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NASA Hubble Captures Neptune's Piece of Moonshine in Truly Bizarre Evasion Dance – Technology News, First Aid



Eighth planet in the solar system, Neptune has 14 moons and they all rotate around the planet at their own pace. Recently, scientists at NASA's Jet Aircraft Laboratory (JPL) have discovered that two of the ice giant's moons – Nayad and Talasa – are locked in a "dance of evasion".

These two Neptune satellites are approximately one another 1,850 kilometers apart. When they cross each other, they are about 3,540 kilometers apart.

Hubble catches a pair of moon Neptune in a truly bizarre evasion dance

Neptune's two moons are caught in an unusual avoidance dance. Picture: NASA

Najad moves much faster than Talasa and dances around the other moon in an attempt to avoid a head-on collision. They do not collide with each other because Najad's orbit is tilted about 5 degrees. Najad takes seven hours to complete a rotation around Neptune while Talasa completes it in seven and a half hours.

If you live in Talasa, you will see Nayad climbing up and down in a zigzag pattern, passing twice from above and then twice below. While scientists do not know how the two moons ended up in this routine, they have several theories to work with.

The first possibility is that the original satellite system was disrupted when Neptune captured its giant moon Triton, which led to the inner moons and rings that formed from the remnants of debris. [Neptunes has a total of six rings.]

Relative sizes of several Neptune moons, including Hippocampus. Image Credit: Mark Showalter Institute / SETI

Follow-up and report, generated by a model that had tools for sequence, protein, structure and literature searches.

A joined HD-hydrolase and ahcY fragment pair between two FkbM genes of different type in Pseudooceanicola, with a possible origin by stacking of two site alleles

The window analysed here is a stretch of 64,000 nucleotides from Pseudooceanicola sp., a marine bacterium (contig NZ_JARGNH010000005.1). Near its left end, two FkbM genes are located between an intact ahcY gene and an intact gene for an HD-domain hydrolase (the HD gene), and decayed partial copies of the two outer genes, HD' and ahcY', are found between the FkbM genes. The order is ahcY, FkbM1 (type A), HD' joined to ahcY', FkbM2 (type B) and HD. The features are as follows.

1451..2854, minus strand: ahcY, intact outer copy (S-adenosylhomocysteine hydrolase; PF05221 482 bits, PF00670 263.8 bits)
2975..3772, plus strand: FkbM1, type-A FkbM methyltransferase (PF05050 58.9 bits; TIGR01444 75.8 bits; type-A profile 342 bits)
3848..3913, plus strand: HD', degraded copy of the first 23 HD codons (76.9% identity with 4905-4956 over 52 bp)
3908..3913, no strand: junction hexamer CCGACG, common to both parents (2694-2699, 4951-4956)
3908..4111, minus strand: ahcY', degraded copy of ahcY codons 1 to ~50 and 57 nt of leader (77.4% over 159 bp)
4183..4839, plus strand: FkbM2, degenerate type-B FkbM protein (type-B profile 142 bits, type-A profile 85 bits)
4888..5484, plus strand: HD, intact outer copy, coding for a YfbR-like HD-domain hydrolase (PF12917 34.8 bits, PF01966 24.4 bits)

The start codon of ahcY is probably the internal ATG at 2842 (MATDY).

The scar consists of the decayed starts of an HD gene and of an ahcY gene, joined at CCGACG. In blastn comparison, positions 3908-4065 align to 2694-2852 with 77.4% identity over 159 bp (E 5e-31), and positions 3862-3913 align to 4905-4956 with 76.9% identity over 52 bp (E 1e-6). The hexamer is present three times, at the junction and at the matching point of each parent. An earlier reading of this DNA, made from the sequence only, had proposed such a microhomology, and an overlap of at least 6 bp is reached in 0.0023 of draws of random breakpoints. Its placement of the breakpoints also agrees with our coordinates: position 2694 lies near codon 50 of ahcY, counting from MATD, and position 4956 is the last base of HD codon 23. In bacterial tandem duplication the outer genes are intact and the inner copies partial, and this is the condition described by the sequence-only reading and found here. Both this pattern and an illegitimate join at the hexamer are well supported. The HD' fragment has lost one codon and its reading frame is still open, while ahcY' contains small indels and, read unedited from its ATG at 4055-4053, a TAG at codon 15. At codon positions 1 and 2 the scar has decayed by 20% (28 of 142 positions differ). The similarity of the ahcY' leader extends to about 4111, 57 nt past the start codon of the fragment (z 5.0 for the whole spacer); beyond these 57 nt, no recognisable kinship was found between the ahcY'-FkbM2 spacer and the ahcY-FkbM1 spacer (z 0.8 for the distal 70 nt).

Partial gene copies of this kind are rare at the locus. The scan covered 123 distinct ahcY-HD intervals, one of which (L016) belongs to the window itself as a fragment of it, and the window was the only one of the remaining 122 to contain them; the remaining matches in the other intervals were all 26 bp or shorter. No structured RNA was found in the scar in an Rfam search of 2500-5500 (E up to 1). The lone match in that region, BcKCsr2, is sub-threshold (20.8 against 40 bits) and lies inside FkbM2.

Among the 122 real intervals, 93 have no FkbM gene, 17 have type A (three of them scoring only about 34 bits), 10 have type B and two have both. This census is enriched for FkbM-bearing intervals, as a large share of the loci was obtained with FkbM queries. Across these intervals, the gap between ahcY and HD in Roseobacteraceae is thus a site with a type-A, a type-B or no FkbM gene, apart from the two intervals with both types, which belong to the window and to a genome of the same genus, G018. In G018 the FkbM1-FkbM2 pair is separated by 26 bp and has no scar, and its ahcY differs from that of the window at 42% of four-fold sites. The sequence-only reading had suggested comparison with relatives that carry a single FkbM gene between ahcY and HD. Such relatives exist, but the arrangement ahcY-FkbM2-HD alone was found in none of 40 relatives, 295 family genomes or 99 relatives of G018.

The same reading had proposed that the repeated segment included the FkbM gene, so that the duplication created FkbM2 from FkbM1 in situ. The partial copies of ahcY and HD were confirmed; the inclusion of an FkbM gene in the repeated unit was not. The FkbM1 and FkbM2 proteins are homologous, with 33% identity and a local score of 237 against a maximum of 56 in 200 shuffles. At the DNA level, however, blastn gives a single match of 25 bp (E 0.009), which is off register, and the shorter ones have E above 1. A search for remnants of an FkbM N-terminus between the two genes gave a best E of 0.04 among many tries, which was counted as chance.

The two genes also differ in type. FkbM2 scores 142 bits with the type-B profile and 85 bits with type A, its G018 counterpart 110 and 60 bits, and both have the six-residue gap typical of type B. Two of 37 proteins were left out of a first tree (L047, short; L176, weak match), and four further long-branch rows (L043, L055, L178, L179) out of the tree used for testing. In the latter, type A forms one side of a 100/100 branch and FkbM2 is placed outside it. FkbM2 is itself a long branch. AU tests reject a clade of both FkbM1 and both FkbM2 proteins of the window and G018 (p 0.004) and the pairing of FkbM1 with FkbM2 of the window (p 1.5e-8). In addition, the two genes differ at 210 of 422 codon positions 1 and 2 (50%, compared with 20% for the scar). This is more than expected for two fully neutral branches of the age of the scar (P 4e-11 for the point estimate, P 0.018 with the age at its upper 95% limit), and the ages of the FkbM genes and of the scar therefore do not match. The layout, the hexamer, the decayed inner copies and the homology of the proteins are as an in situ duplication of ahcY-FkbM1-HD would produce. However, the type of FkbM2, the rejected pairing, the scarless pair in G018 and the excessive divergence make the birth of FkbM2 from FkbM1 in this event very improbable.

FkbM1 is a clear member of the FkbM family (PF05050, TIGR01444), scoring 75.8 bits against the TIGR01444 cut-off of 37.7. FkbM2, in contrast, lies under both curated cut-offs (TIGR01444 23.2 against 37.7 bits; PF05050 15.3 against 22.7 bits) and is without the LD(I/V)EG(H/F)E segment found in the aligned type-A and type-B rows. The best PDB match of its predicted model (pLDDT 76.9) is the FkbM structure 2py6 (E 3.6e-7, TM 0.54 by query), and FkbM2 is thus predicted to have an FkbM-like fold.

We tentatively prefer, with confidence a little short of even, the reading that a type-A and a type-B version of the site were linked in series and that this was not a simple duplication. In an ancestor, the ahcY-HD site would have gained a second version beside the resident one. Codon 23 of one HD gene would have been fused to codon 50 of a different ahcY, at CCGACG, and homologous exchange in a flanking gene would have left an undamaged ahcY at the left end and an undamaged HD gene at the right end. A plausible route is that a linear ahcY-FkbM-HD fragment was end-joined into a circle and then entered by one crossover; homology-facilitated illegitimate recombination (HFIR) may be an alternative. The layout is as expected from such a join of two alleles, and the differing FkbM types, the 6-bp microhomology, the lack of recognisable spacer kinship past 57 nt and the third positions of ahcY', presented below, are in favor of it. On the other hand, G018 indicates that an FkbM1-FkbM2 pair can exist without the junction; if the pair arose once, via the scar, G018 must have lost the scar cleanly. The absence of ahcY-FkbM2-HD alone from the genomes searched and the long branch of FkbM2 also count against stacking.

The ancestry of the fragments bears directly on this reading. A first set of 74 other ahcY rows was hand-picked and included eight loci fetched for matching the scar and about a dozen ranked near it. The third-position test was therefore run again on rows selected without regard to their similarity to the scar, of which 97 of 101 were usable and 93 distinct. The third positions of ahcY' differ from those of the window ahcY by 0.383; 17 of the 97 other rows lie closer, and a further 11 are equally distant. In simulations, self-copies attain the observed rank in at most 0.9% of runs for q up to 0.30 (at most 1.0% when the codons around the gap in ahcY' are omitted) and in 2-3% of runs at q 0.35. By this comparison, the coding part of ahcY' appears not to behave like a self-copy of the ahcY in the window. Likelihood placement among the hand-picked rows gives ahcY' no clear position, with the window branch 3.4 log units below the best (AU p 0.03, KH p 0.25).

Relative sizes of several Neptune moons, including Hippocampus. Image Credit: Mark Showalter Institute / SETI

"We suspect Najad was thrown into his tilted orbit by interacting with one of Neptune's other inner moons," said Marina Bozovic, a PPP solar system dynamics expert at press release. "Only later, after his orbital tilt was established, could Najad settle down in this unusual resonance with the Thalassa."

"Najad and Talasa are probably locked into this configuration for a very long time because it makes their orbits more stable. They keep the peace by never approaching it," said Mark Showalter, planetary astronomer at SETI Institute and co-author. of the new paper in a press release.

Data collected between 1981 and 2016 by NASA's Hubble Telescope and Voyager 2 (the only spacecraft to visit Neptune first to exit the Solar System) and other Earth-based telescopes helped discover this unusual orbital pattern. The study also said that the moon is largely composed of water ice.

The study and its findings were published in newspaper Icarus.

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